European Parliament Elections 2019 – the impact of Brexit

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The latest European Parliament elections will be taking place from 23rd to 26th May 2019 in the 27 remaining EU Member States. This election is already causing more comment than in other years, in part because of the impact of Brexit. In this article we will summarise the main impacts of Brexit on the upcoming elections on the European Parliament and in particular the 2 major groups currently active. 

Political Consequences

Unless Article 50 is formally revoked (which as the Court of Justice has confirmed, can be done unilaterally by the United Kingdom)  or extended or suspended (which would require the agreement of the EU27 Member States), the UK will leave the European Union and its institutions on 28 January 2019.

It will no longer have seats in the European institutions, including during the transition period, which is planned to last until 31st December 2020 regarding the negotiations of the future relationship with the European Union. Hence, the UK will no longer have any MEPs, a Commissioner or Judges at the Court of Justice.

The most politically visible impact will be that there will no longer be British MEPs in the European Parliament in Strasbourg. This will mostly affect three of the present political groups: the S&D group (Socialists and Democrats 187 members) who will lose 20 MEPs from the Labour Party who sit amongst its ranks; the ECR (European Conservatives and Reformists, 73 members), which will no longer include the 19 MPs from the Conservative Party and finally the EFDD (Europe of Freedom and Direct Democracy, 43 members) which will lose 19 MPs from UKIP (UK Independence Party). The Greens will also lose 6 MEPs.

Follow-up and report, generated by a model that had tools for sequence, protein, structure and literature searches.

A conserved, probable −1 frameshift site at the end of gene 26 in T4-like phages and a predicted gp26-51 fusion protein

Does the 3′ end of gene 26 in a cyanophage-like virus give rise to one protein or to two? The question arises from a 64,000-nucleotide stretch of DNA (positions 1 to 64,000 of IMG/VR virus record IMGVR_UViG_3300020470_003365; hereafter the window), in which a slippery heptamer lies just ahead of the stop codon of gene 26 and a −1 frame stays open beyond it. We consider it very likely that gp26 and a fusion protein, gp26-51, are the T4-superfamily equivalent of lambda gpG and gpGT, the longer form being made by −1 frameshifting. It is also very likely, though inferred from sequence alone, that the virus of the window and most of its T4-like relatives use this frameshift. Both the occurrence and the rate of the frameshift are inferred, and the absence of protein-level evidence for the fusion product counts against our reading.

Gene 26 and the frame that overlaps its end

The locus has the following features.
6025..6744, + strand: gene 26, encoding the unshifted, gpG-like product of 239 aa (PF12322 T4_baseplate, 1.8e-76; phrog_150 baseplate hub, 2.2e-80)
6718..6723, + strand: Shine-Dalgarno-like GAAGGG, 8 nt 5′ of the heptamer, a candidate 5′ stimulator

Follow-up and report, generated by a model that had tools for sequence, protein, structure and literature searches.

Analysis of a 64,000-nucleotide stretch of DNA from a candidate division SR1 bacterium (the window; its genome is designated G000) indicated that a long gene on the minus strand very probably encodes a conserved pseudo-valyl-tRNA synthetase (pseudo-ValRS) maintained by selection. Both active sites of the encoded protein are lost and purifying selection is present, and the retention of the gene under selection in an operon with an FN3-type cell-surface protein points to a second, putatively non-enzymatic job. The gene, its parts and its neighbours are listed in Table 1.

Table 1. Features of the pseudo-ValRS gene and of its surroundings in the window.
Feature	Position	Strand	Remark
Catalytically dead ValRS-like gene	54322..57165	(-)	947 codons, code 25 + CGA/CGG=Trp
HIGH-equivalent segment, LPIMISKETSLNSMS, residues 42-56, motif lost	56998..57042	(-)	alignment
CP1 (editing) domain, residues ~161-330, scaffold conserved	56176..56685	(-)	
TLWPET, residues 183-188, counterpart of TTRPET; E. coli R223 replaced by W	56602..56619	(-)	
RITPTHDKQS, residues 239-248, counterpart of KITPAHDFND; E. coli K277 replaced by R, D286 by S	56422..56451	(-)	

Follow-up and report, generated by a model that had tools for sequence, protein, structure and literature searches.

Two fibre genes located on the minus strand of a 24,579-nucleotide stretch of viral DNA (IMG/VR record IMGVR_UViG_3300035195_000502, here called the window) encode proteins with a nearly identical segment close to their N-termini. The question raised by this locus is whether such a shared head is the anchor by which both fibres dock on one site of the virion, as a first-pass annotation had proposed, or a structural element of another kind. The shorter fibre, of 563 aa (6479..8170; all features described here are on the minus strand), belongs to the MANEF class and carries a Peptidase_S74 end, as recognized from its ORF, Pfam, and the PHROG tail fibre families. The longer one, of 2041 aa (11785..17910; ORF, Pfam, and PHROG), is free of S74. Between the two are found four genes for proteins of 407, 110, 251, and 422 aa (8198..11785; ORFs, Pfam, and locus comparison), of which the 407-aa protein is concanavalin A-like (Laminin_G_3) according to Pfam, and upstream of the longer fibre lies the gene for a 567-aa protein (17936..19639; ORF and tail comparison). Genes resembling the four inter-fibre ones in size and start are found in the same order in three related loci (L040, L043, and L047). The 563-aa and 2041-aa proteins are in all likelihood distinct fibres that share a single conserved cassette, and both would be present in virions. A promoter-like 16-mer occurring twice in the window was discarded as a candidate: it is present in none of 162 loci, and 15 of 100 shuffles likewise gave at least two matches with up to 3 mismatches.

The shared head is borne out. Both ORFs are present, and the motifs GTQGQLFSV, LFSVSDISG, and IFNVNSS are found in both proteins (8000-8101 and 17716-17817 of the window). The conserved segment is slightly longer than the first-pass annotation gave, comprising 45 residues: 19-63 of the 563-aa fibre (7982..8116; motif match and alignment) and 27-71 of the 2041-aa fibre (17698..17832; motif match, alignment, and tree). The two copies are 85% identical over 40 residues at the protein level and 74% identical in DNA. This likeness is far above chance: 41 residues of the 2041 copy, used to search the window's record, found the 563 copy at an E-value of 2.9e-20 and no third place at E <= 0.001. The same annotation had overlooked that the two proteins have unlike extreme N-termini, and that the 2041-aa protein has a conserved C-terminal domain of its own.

The departure of the British MEPs will automatically lead to the following immediate consequences:

1. The EFDD group, without UKIP (which in the shape of Nigel Farage chairs the group) will fall short of the eligibility criteria for an official parliamentary grouping (25 MPs from 7 Member States) with the number of MEPs falling to 24, leading to a loss of funds and influence.

2. The ECR group will lose its main delegation and its British co-chair, Syed Kamall. This group was created by the British Conservatives in 2009 and is co-chaired by a Pole from the party of Law and Justice (PiS), the second biggest delegation with 18 members. The loss of British members will reduce its membership to around 50 MEPs, although unlike the EFDD it is not in immediate danger of dissolution.

3. The S&D group will suffer due to the departure of 20 Labour MPs and will also suffer due to a weaker representation of party members (German SPD, French PS, Dutch PvdA) whose results in the national elections have declined. This numerical decline of the S&D will also affect the likelihood of the formation of a majority in the European Parliament.

Numerical Changes